The Ducks prepare to ring in the New Year with roses in hand, and while it will be in a rematch of the 2012 Rose Bowl, this Oregon v. Wisconsin matchup has a far different narrative than eight years ago.
The final piece of my Rose Bowl Preview. Check out the rest below.
Part Three: Predictions + Special Teams (the one you’re reading)
Back in the greatest modern era of Oregon football to date (~2007-2014), the general storyline surrounding the Ducks were that they were fast and flashy.
Those teams were pioneers of the hurry-up offense that we see all over college football today, and they also ran the run-pass-option (RPO) way before it was cool.
“Yesterday’s fast is today’s slow,” read an old Nike print ad from 2011.
Chip Kelly recruited for speed, practiced fast, and he was hell-bent on exhausting his lesser-conditioned opponents by the middle of the third quarter.
The rest of the country and national television pundits may not have always caught Oregon’s late-night west coast games, but EVERYONE could tell you that the Ducks were fast.
And while the national narrative praised their speed, they were also quick to point out their main weakness: physicality.
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It wasn’t always true—or fair—to say that Oregon struggled against teams characterized by their overall size and power, but from a casual observer, the only teams that were really beating the Ducks during this era were teams that were much bigger in stature.
Sure, other programs managaed to get the best of Chip Kelly & Co. in different ways at different times, but teams like Stanford, LSU, Auburn, Ohio State (x2), all set a pretty convincing blueprint for exploiting Oregon:
- Attack their (typically undersized) offensive line.
- Power run the ball down thier defense’s throat with a bruising running back.
- Maintain possesion to keep the pace of play in your hands.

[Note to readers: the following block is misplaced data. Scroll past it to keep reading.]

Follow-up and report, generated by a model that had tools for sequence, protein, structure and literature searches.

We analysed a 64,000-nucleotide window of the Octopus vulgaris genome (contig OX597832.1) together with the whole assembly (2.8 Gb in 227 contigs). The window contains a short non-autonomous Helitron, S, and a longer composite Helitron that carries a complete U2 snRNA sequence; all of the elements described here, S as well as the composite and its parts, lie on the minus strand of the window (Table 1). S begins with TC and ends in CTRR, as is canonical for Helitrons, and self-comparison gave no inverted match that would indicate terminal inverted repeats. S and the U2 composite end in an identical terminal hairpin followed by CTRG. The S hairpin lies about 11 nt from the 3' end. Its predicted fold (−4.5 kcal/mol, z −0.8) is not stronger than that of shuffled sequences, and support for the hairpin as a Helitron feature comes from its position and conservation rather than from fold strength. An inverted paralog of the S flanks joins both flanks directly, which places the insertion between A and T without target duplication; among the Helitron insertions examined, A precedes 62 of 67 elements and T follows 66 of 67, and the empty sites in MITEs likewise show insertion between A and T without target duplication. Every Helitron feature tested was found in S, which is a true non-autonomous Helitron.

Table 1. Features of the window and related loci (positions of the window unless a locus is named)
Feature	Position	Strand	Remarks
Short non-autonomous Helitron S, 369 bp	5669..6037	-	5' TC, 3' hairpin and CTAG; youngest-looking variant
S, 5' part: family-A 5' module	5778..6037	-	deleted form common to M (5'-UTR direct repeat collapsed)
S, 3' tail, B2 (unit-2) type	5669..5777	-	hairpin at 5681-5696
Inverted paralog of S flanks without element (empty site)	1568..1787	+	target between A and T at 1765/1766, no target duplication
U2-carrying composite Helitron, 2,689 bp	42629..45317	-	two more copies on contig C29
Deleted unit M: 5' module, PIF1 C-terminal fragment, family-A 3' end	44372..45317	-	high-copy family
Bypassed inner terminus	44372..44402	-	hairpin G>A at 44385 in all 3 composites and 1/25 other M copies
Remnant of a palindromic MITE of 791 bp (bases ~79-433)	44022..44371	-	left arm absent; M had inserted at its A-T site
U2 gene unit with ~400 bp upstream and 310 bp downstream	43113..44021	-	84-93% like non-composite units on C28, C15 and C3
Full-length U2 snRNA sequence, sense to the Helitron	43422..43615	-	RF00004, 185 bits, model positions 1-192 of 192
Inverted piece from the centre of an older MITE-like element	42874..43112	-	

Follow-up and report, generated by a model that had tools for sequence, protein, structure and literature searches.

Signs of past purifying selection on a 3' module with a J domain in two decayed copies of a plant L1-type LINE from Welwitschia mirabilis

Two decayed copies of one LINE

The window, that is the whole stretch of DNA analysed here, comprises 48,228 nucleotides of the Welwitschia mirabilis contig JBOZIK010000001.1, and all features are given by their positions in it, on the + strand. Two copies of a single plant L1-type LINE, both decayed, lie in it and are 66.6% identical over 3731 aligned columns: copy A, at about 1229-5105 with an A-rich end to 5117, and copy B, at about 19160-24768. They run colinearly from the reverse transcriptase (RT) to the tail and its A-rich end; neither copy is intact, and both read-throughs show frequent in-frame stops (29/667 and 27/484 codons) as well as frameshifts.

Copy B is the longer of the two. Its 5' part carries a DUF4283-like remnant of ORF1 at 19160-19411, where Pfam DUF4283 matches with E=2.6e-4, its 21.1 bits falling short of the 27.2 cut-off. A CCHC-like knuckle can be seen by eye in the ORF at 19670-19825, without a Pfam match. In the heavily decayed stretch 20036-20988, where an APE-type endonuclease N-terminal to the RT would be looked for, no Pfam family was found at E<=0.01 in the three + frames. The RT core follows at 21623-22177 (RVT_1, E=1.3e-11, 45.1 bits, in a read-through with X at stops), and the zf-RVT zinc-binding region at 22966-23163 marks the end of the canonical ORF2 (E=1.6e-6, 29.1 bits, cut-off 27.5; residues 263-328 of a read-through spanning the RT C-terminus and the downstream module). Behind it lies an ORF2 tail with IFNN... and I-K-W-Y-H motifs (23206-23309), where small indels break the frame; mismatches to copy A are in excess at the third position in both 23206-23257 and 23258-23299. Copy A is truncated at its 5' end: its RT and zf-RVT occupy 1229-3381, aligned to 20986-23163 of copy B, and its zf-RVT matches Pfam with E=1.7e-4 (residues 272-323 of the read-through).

If you did those three things (and had some officiating on your side) you could realistically beat the Ducks in that era by purely overpowering them.
As for this new era in Eugene? Mario Cristobal would love to see you try to overpower his team. Utah tried, but that didn’t work out too well for them.
Wisconsin has always been a program defined by their power, but it didn’t end up mattering in 2012. The Rose Bowl that year was one of the few exceptions to the “oReGoN sTrUgGLeS WiTh bEEfY tEaMs,” narrative.
De’Anthony Thomas and the chrome-domed Ducks outran the Russell Wilson-lead Badgers back then, and it is still one of the fondest Oregon memories from that, or any other era.
This Wisconsin team is as strong as any team they’ve ever had, but Oregon is right there with them.
Just like the Pac-12 Title Game against Utah, Oregon will look to find success in the Rose Bowl behind the power running prowess of RB1 CJ Verdell and Cristobal’s staunch offensive line.
They’ll also be tasked with stopping yet another top running back in the country. They silenced Utah’s Zach Moss, but the Badgers’ Jonathon Taylor is admittedly a whole different kind of challenge. It sounds overly simple, but sure-tackling and disciplined defense is going to be the key to containing JT from busting open for “homerun”-type plays.
I’ve previewed the offense, and I’ve previewed the defense, but no Rose Bowl preview (or 2019-20 Oregon football review) would be complete without mentioning my favorite special teams player on this Ducks team.
That’s right, let’s talk about Camden Lewis.
The freshman has been much-maligned in his first season kicking for Oregon, but you would be hard-pressed to find a more improved or heroic member of this football team.
Without Camden Lewis the Hero, the Wazzu game would’ve been lost. Cristobal & Co. showed that they trusted him completely, and he was Cammy Clutch.
There’s no telling where the season might have turned if the Ducks lost way back then. They very well might not have been sitting here in Pasadena. But instead, it was Lewis that lead them to the promised land.
Lewis was also PERFECT in the biggest game of the season against Utah. At three for three for field goals, and four for four from PAT, CamCam performed on the biggest stage, yet again.
Lewis is still a young buck, and I know that the makes may not always look pretty, and sometimes the misses have looked kinda bad, but I truly believe that the Camden “The Leg” Lewis responds to positive reinforcement and altogether blind trust.
So, with my last word before kickoff in Pasadena, I encourage you to join me in loving and trusting Camden Lewis. If the Rose Bowl comes down to him, I don’t want to hear any groaning, just plain old positive vibes.
Because the kid loves the spotlight, and the spotlight loves him.